Social Media Overload

There are slightly more than 3,300 students at Pacific Lutheran University, but more than 120 Facebook pages associated with PLU – roughly 5 percent of the student population is running a social media page.

Social Media Infographic
Colton Walter

Even though there’s a Residential Life page, there are individual pages for every hall on campus. There are pages for Dining and Culinary services and the Diversity Center even though there’s a Student Life page.

Is the PLU social media presence overdone or on track?

According to Social Media stakeholders on campus – both students and staff – having several pages effectively disseminates information and reinforces community.

Sophomore Joel Thomas is the Public Relations Director for the PLU Residence Hall Association which coordinates programming and advocates for students in Residential Life. He oversees the active RHA Facebook, Twitter and Instagram pages, posting about upcoming events to roughly 700 Facebook “likes” and more than 200 Twitter followers.

RHA executives work with executives at each hall’s Residential Hall Council, so part of Thomas’ job is working with each RHC’s PR Director. Since every Residence Hall has their own PR Director, each of the 10 halls also has its own social media accounts.

Thomas says this allows “more direct, personal engagement” between residents and leadership, as well as gives everyone “a sense of pride in their hall.”

The Director of Content Marketing who oversees the official PLU social media pages, Lace Smith, expressed the same thought –– rather than being redundant, the proliferation of accounts tied to the PLU residential experience allows for more connection to happen and information to be heard.

Associated Students of PLU’s Civic Engagement Director sophomore Melissa Munson runs the student government social media pages. She recognizes the ability of social media to “make sure student’s voices [are] heard” and get “the campus excited about ASPLU events.”

In terms of improvements, she said PLU could be doing more campaigns like the “It’s on US” campaign, which promoted ending sexual violence on college campuses, and further “publicize our contributions to our communities.”

Along with running PLU’s official accounts that amount to over 48,000 Facebook likes and almost 4,000 Twitter followers, she advises other social media groups across campus.

Smith compares her job to a garden: social media around campus used to be a garden without a gardener. There were some delicious vegetables and beautiful flowers in the garden, but it was also riddled with underbrush and weeds that distracted from the beauty.

Lace is the first person to be focused on gardening the PLU social media landscape. She’s done some weeding – removing some defunct Facebook pages and working to consolidate a few accounts – but she thinks that any site producing valuable content is helpful in the end.

Creating engaging, useful and utilized content isn’t easy.

“This is work,” Smith said. “It’s fun, fantastic and a great adventure, but it still needs the care and feeding.”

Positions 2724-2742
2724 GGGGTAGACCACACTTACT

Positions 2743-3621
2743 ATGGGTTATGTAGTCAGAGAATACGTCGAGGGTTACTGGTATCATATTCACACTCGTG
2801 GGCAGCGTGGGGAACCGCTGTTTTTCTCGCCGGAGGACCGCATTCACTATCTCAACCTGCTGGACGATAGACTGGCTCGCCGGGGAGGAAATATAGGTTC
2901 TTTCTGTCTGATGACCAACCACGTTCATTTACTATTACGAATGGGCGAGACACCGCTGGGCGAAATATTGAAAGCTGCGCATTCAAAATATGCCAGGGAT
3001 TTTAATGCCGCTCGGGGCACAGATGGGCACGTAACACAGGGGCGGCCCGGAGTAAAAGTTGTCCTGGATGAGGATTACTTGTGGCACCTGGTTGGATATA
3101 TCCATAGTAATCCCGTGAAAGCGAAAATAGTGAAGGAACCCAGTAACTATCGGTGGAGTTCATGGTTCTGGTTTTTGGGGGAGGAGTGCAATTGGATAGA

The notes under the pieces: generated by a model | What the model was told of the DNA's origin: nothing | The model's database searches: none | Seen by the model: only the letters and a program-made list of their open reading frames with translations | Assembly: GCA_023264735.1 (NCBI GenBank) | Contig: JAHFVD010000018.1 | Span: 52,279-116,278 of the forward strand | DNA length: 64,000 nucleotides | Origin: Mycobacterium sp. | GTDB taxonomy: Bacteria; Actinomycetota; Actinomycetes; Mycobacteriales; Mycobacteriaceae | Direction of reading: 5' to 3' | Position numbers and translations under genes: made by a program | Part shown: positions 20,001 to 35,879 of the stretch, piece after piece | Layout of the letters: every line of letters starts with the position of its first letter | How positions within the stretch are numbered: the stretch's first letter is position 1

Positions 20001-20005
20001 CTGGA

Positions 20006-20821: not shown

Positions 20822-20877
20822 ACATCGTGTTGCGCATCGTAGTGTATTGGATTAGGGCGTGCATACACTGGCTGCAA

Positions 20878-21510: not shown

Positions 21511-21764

Besides managing content, she works with others to grow their presence. Much like teaching a garden class, she says she plans to host a social media lunch where student leaders can chat about social media from the concept to the minute details of how an event should be covered.

Thomas hasn’t declared a major. Munson is on the Pre-law track, majoring in Business. Smith studied Studio Art and finished her MBA.

While these three are some of the largest social media stakeholders on campus – due to their defined roles – none have officially studied Public Relations and Advertising, a concentration in the Communication major.
Senior Amanda Williams is a PR Student and the Public Relations Director of the co-curricular MediaLab, the student-run, faculty-advised PR firm on campus.

She understands the values Munson and Thomas express about social media; however, in her opinion as a communication scholar and practitioner, she sees a problem.

“Separate accounts are dividing the various groups rather than uniting them,” Williams said. “Students don’t want their media feeds to be bombarded with a particular organization. Instead of following every account, they will only follow the ones that directly pertain to them. Groups can’t effectively use social media if it is not reaching the target audience.”

Williams suggests moving to a consolidated system with only one PLU account that would feature diverse groups across campus.

If anyone would do that, it’d be Smith. Marketing and Communications is currently developing content hubs for that would pool together various videos, photos and social posts from accounts across campus.
Williams’s idea, however, doesn’t appear to be in the works. A consolidated system would silence too many valuable events that may not be of campus-wide importance, Smith said, and the proliferation of media accounts end up promoting each other.

“Content comes from everywhere on campus. We don’t go in and sorta stifle or squash [all the media accounts on campus] because all the information they’re putting out just feeds up to other people,” Smith said. “It’s never in vain when you’re putting out information. It’s our job together to make sure the accounts are the best they can be. The beautiful thing about social media is that you don’t do it alone.”


This was published in the first issue of The Mast on Sept. 17, 2015 and online here. Video and graphic are not mine, writing is. 

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